When we look back on such internally conflicted events of our own, we understand them in two ways—as genuine and spontaneous feeling at the time, as well as covertly managed feeling. This leads us to question the sincerity and truth of our present feelings—“Am I acting now? How do I know?” This is a more complex variation of the basic existentialist question that all actors must grapple with when building a character: “Who am I?” While the latter question applies to most in life regardless of profession, the first—“Am I acting now?” differs in that it is always answered for us in theatre; we are told from the start who is acting.

There are various parallels between the techniques of deep acting and the mindfulness techniques of managing emotions and thoughts. Mindfulness practice cultivates a distinction between one’s essence, or pure being, and the life roles in which one performs and identifies. In other words, I am not my occupation; I am not my past (or in the terms of Sartre, I am not my facticity). In life, as viewed through the mindfulness-based philosophy lens, I am analogous to an actor, taking on roles and imaginary circumstances that are ultimately not real. I, as an actor, am not my character role, just as I, as a pure being, am not my life situation. Michelangelo Antonioni’s Blow-Up visually echoes this sentiment in the closing mimed tennis scene organized around an invisible ball. The protagonist knowingly participates in the illusory game, before walking off and disappearing, himself. Life, Antonioni seems to say, is a game organized around an invisible ball in which we voluntarily participate. Mindfulness practice cultivates this distinction between truth and illusion within the mind as well: I am not my thoughts, but rather, the awareness in the background, which can observe these thoughts. One is to note the continual commentary of the mind without getting attached or experiencing the chatter with aversion or judgment. Thoughts are just thoughts, and those practicing mindfulness are free to “release” a thought, i.e. let it go, upon the realization that thoughts are not accurate reflections of concrete reality or absolute truth.

Similarly, in performance, both professional and quotidian, an actor distances himself from his thoughts and emotions, treating them as malleable variables to be internally controlled in order to achieve an external, visible result. In essence, one does not identify oneself with one’s emotions, but rather, views them as mental tools with which to direct one’s outward performance. Of course, this objective understanding of emotions in deep acting differs from mindfulness in being a means to an end—it is used in the overarching purpose of achieving compelling performance (though some might argue that mindfulness meditation is used by many with the intent to achieve relaxation, attain enlightenment, or some other end result as well). Nonetheless, the hyper-observant nature of almost all creative types, be they writers, musicians, etc., inherently approaches these connected experiences with a more commercialized intent of using them for inspiration later.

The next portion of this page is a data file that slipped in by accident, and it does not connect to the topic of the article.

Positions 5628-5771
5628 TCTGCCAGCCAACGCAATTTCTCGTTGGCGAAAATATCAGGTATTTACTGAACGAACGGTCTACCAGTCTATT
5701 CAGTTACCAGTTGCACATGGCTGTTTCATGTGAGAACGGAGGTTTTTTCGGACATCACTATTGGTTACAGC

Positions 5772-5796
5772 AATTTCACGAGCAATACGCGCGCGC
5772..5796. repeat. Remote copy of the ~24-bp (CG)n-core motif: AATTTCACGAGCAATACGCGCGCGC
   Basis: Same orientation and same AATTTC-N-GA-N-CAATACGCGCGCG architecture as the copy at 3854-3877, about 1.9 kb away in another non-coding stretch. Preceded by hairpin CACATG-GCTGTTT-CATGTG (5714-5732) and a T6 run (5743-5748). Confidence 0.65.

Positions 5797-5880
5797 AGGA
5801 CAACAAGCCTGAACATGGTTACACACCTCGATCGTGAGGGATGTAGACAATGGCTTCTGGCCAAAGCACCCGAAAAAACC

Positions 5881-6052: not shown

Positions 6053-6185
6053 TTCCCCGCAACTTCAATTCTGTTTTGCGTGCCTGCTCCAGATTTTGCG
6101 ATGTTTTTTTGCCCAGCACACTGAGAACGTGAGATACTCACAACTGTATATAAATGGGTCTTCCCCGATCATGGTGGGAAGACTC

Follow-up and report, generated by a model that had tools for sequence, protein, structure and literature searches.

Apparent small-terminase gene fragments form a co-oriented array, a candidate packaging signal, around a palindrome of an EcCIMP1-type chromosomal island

Stanislavsky coached actors into being completely in the moment, and yet emphasized that they always keep one step away from complete belief, for the obvious need of maintaining distinction between reality and illusion (we are all familiar with the controversy surrounding Method acting when improperly practiced). Hochschild writes, “In surface acting, the expression on my face or the posture of my body feels ‘put on.’ It is not ‘part of me.’ In deep acting, my conscious mental work—the effort to imagine a tall surgeon looming over me, for example—keeps the feeling that I conjure up from being part of ‘myself.’ Thus in either method, an actor may separate what it takes to act from the idea of a central self” (emphasis added). In other words, the actor should experience and show the emotions of his character, but still stay detached, retaining his grip on his own identity as a performer. Particularly in deep acting, balancing this full character immersion with a latent awareness of the overall illusion is a precarious act. An actor must remain completely present within his character and set of imaginary circumstances, while remembering to play to his audience, or to the camera angles and lighting. If he steps outside of himself, i.e. his character, for too long, the quality of acting becomes more contrived, less convincing. The brief loss of true internal motivation and concentration creates a palpable shift in the external performance.

Realistic acting requires an extraordinary level of unwavering focus to stay truly present on stage or on camera. Stanislavsky disparaged results of surface acting in the 19th century plays. He saw actors who were not truly connecting with their character experience because they would be more concerned with the reaction of the audience they were playing to, and he mockingly described them as looking out the corner of their eyes to gauge audience reaction after each line delivery. One could say that such actors did not coexist authentically with the gaze of the other, but rather, allowed the knowledge of surveillance dictate their performance, which became, as a result, disingenuous. In Sartre’s philosophy, these actors, literally, act in bad faith. The self-consciousness of these actors is a prison; self-awareness for an actor is freedom.